Expert testimony is a feature of most IPRs, and effective expert testimony can make or break a party’s position. When evaluating expert testimony, the PTAB may consider several issues. First, are the expert’s qualifications sufficient? Second, even if the expert does not technically qualify as a “person of ordinary skill in the art,” should the expert’s testimony be given weight? The PTAB’s decision in Lupin Ltd. v. Horizon Therapeutics, Inc. (IPR2016-00829) addresses these questions and illustrates several ways to effectively use expert testimony.
Prodrugs are inactive compounds designed to be converted into pharmaceutically active metabolites following delivery to a patient. Prodrugs have important pharmacokinetic advantages over traditional compounds, and a recent PTAB decision, Lupin Limited v. Vertex Pharmaceuticals Inc. (IPR2016-00558), illustrates how prodrugs can possess patent advantages as well. In its analysis of obviousness, the PTAB focuses on unpredictable results and whether a person of ordinary skill in the art has a reasonable expectation of success in view of the available art, as outlined in Procter & Gamble Co. v. Teva Pharm. USA, Inc., 566 F.3d 989 (Fed. Cir. 2009), frequently applied in pharmaceutical cases.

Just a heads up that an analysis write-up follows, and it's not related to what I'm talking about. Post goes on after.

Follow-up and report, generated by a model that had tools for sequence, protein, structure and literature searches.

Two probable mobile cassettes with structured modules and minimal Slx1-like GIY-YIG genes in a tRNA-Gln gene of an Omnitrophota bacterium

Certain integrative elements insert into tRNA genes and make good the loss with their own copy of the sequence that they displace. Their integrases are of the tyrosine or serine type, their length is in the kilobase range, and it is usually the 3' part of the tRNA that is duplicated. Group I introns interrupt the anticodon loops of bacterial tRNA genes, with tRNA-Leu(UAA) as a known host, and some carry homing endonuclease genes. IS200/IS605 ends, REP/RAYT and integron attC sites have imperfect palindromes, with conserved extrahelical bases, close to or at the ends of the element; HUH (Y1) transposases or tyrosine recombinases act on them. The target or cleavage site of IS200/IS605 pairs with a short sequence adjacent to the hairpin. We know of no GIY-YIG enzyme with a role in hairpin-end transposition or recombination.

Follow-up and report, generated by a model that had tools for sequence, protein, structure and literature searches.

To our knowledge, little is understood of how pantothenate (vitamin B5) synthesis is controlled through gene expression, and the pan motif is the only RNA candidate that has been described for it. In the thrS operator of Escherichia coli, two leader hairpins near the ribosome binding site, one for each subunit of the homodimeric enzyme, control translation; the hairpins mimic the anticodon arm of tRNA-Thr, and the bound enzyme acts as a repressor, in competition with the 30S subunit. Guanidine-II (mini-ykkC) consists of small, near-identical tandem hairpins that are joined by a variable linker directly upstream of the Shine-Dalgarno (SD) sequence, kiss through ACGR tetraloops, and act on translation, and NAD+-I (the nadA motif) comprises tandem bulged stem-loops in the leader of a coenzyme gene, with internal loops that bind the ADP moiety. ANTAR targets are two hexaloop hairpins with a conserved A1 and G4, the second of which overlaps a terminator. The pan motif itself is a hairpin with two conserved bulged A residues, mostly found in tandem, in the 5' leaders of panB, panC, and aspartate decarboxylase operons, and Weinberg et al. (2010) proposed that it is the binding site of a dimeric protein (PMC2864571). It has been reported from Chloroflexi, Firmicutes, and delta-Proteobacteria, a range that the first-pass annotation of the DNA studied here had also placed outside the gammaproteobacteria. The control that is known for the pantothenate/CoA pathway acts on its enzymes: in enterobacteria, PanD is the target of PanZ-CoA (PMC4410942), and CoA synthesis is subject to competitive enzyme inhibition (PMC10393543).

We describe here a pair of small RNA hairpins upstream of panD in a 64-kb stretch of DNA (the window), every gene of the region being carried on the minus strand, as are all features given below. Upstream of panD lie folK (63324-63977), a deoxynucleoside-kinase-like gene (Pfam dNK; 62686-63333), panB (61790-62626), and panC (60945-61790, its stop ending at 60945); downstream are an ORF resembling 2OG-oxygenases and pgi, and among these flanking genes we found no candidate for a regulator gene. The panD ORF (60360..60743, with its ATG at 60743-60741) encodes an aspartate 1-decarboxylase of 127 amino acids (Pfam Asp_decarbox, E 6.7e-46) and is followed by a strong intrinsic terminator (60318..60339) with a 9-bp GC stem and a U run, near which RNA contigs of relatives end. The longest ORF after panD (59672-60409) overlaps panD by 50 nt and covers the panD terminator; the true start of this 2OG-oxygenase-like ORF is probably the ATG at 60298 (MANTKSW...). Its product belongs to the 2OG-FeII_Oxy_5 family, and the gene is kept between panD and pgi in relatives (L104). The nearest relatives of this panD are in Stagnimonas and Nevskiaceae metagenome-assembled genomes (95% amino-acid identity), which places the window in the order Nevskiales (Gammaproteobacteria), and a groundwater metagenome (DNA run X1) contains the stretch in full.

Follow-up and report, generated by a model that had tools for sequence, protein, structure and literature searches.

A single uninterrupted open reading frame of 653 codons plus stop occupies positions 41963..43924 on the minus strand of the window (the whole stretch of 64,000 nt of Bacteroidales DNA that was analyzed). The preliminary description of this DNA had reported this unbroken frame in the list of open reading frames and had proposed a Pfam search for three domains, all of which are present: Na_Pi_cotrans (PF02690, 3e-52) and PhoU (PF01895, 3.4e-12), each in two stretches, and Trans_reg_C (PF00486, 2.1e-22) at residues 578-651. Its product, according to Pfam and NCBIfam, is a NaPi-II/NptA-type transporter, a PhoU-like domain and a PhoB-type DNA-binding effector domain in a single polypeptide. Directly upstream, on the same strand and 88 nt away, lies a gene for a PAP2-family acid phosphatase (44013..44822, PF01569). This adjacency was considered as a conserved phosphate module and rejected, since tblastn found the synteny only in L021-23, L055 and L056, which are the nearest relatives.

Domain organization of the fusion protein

Last week, the Supreme Court heard oral arguments in Oil States Energy Services v. Greene’s Energy Group—a case that addresses whether inter partes review unconstitutionally usurps the federal courts’ authority to adjudicate the validity of patents. An examination of the Justices’ questions provides hints of how they are thinking and suggests that IPRs may survive constitutional review.
As we discussed in May, PTAB decisions are a primary source for guidance regarding what constitutes a “printed publication” under § 102, because the PTAB faces the issue so frequently. Since that post, the PTAB has continued to define the scope of what is or is not a printed publication. In most instances, where the issue was contested, the PTAB found the petitioner failed to prove a document was a printed publication.
Topics: Printed Publications
Last week, the U.S. Supreme Court heard oral arguments in two patent cases concerning IPRs. The first case (Oil States Energy Services v. Greene’s Energy Group) has garnered much of the attention because it concerns the constitutionality of IPRs, but the second case (SAS Institute Inc. v. Matal) may actually have a bigger impact on how IPRs work. In SAS, the Supreme Court considered the PTAB’s practice of selecting which challenged claims it reviews, rather than, once it institutes a trial, issuing a final decision on the patentability of all claims challenged in the petition. The oral arguments suggest how the Justices are approaching the case.